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Here’s why the Brickworks (ASX:BKW) share price is suffering after its FY23 result

The Brickworks Limited (ASX:BKW) share price is down 7% after announcing a challenged FY23 result, though the dividend increased.

The Brickworks Limited (ASX: BKW) share price is down 7% after announcing a challenged FY23 result.

Brickworks is a large building products manufacturer, it’s the leader of making bricks in Australia. It also has a significant property portfolio, as well as a major stake of Washington H. Soul Pattinson and Co. Ltd (ASX: SOL).

FY23 result highlights

Here are some of the highlights from the 12 months to 31 July 2023:

  • Total revenue increased 8% to $1.18 billion
  • Underlying EBITDA (EBITDA explained) dropped 26% to $784 million
  • Underlying net profit after tax (NPAT) sank 32% to $508 million
  • Statutory net profit fell 54% to $395 million
  • Final dividend per share increased 2% to $0.42
  • Total annual dividend up 3% to $0.65

What happened?

For the WHSP FY23 result, you can check out our coverage here.

The building products EBITDA in both Australia and North America fell, with margins impacted by inflation pressures. This doesn’t help the Brickworks share price, in the short-term at least.

Building products Australia EBITDA was $100 million, down 13% excluding the one-off impact of the sale of land into the Brickworks Manufacturing Trust in the prior year. There was resilient demand with a large backlog of work under construction, however cost pressures increased across the supply chain. For example, Austral Bricks unit electricity costs were up 28% year on year and labour increased 13%.

North American building products EBITDA fell 18% to $40 million, with labour, maintenance and raw material additives, up 7%, 13% and 11% respectively on a per-unit basis. It has closed a number of plants, going from 16 to 7, increasing its plant utilisation from 46% to 72% resulting in a more modern and fuel-efficient fleet.

Property trust

The company said the property division saw another good year, with EBITDA of $506 million. It was down 21% compared to FY22, but it was the second highest ever achieved.

Property trust assets were revalued during the period, leading to a profit of $112 million. A significant increase in the assessed market rent for the leased assets more than offset the increase in the average capitalisation rate of the portfolio. That’s a helpful support for the Brickworks share price.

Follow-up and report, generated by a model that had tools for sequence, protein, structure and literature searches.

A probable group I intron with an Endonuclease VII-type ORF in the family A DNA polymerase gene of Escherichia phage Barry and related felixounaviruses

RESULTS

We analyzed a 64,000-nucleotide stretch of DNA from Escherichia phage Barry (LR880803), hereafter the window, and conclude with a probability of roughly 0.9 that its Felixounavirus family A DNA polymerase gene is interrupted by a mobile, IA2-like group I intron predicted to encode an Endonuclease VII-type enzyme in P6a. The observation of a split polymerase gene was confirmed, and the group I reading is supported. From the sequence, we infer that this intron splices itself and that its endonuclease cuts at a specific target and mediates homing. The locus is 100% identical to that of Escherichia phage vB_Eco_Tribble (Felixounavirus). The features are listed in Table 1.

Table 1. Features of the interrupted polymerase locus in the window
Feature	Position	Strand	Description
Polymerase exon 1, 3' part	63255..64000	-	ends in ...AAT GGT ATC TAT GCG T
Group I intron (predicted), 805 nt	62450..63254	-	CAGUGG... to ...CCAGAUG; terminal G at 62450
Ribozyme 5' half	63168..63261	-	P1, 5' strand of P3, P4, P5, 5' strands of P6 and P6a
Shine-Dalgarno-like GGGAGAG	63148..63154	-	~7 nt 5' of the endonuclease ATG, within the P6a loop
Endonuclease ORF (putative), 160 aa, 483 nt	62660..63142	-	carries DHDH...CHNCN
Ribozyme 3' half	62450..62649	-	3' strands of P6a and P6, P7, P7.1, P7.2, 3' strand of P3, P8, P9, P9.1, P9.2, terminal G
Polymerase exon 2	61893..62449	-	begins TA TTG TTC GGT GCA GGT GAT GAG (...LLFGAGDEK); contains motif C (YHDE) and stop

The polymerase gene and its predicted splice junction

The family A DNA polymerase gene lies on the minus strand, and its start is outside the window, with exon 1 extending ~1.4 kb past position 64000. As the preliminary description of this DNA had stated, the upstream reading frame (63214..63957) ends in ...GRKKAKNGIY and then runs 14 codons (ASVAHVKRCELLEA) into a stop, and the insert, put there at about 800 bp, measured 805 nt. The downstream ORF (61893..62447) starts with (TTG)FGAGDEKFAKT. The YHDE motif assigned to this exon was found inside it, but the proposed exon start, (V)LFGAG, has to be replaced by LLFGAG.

A development profit of $78 million was also recorded, following the completion of new facilities at the Oakdale West Estate during the year.

As developments are completed, rental income continues to grow, and net trust income for the year was $50 million, up 37%. That included $9 million in net rent from the Brickworks Manufacturing Trust, launched in July 2022.

Total assets held within the property trusts now stand at $5.8 billion. After including debt, Brickworks’ share of net assets was $2.27 billion at the end of FY23, up $520 million year over year. It decided to reduce gearing (debt levels) within the property trusts by retaining funds that may otherwise have been distributed.

There remains strong demand for industrial property, despite the increase in interest rates, according to Brickworks.

Outlook for the Brickworks share price

The company said that the development pipeline within property trusts remain strong, and rental income is expected to grow significantly in the coming years.

For building products, order intake is “now softening” with a decline in demand anticipated. Margins will be supported by price increases, and previously-implemented plant “rationalisation and upgrades”.

The exit of the loss-making Austral Bricks Western Australia business will “provide a positive impact on earnings.”

It continues to trade at an attractive discount to the underlying value of its assets, and I think those assets can keep growing in value, though it’s hard to say what the current value of the property assets are. WHSP and industrial property can keep growing the cashflow and capital value for Brickworks.

I believe the pullback makes the long-term opportunity more attractive.

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At the time of publishing, Jaz owns shares of WHSP and Brickworks.
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